Current best evidence for clinical care (more info)
SARS-CoV-19 PCR testing has a turn-around time that makes it impractical for real-time decision-making, and current point-of-care tests have limited sensitivity, with frequent false negatives. The study objective was to develop a clinical prediction rule to use with a point-of-care test to diagnose COVID-19 in symptomatic outpatients. A standardized clinical questionnaire was administered prior to SARS-CoV-2 PCR testing. Data was extracted by a physician blinded to the result status. Individual symptoms were combined into 326 unique clinical phenotypes. Multivariable logistic regression was used to identify independent predictors of COVID-19, from which a weighted clinical prediction rule was developed, to yield stratified likelihood ratios for varying scores. A retrospective cohort of 120 SARS-CoV-2-positive cases and 120 SARS-CoV-2-negative matched controls among symptomatic outpatients in a Connecticut HMO was used for rule development. A temporally distinct cohort of 40 cases was identified for validation of the rule. Clinical phenotypes independently associated with COVID-19 by multivariable logistic regression include loss of taste or smell (olfactory phenotype, 2 points) and fever and cough (febrile respiratory phenotype, 1 point). Wheeze or chest tightness (reactive airways phenotype, - 1 point) predicted non-COVID-19 respiratory viral infection. The AUC of the model was 0.736 (0.674-0.798). Application of a weighted C19 rule yielded likelihood ratios for COVID-19 diagnosis for varying scores ranging from LR 15.0 for 3 points to LR 0.1 for - 1 point. Using a Bayesian diagnostic approach, combining community prevalence with the evidence-based C19 rule to adjust pretest probability, clinicians can apply a point of care test with limited sensitivity across a range of clinical scenarios to differentiate COVID-19 infection from influenza and respiratory viral infection.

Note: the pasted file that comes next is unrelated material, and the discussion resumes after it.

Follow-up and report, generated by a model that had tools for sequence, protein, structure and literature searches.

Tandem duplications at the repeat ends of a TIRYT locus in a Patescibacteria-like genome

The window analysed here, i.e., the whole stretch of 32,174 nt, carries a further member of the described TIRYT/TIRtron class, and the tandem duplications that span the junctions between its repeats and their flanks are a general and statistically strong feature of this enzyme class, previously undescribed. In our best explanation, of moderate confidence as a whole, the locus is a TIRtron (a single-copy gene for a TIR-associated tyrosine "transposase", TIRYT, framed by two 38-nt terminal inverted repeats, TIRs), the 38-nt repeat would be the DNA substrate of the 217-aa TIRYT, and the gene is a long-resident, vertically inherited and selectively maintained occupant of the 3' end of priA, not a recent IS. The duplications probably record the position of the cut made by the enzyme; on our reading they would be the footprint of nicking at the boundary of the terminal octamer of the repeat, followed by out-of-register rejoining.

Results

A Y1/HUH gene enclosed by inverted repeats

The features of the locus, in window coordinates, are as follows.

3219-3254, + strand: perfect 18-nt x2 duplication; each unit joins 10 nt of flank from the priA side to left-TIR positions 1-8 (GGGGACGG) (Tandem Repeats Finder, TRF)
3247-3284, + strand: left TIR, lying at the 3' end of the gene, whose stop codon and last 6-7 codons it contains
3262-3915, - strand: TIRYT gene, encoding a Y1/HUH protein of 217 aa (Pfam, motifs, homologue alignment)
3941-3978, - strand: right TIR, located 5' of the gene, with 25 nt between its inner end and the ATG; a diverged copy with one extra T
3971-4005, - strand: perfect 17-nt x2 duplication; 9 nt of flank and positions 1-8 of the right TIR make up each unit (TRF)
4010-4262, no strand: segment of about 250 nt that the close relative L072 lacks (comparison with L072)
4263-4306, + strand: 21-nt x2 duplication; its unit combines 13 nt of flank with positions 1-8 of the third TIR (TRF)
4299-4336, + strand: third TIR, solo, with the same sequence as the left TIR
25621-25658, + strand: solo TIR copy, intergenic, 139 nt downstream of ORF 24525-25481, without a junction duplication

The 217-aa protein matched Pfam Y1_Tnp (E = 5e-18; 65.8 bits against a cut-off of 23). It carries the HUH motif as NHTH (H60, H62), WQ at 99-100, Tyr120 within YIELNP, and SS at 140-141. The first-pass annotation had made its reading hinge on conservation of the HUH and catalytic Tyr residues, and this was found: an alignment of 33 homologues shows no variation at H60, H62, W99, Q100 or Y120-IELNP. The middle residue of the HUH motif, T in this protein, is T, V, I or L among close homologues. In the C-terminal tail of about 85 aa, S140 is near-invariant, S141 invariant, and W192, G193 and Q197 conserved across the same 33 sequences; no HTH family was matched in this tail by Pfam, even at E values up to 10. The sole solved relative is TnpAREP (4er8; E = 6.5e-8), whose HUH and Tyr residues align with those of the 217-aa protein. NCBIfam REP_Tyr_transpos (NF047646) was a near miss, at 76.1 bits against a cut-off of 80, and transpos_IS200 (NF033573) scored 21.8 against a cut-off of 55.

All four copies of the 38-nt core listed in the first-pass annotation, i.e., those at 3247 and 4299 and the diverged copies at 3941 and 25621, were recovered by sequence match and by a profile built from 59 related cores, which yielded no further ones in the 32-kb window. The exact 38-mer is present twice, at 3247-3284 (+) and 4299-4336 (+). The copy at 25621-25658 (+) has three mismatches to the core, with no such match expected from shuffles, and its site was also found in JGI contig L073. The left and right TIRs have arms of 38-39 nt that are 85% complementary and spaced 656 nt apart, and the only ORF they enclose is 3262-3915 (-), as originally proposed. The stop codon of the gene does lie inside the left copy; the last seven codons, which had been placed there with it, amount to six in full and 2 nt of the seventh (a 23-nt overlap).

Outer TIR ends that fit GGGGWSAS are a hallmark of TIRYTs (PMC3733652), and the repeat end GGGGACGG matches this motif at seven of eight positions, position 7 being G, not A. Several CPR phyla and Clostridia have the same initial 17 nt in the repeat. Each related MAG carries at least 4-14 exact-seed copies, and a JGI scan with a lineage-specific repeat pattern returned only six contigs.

|Discipline / Specialty Area||Score|
|Family Medicine (FM)/General Practice (GP)||
|General Internal Medicine-Primary Care(US)||
This is useful until we have more credible data from diagnostic accuracy study design.
Clinical definition of covid-19 is very useful in this pandemic, especially in resource poor countries. The variability of symptoms and disease make it difficult to generalise across all countries.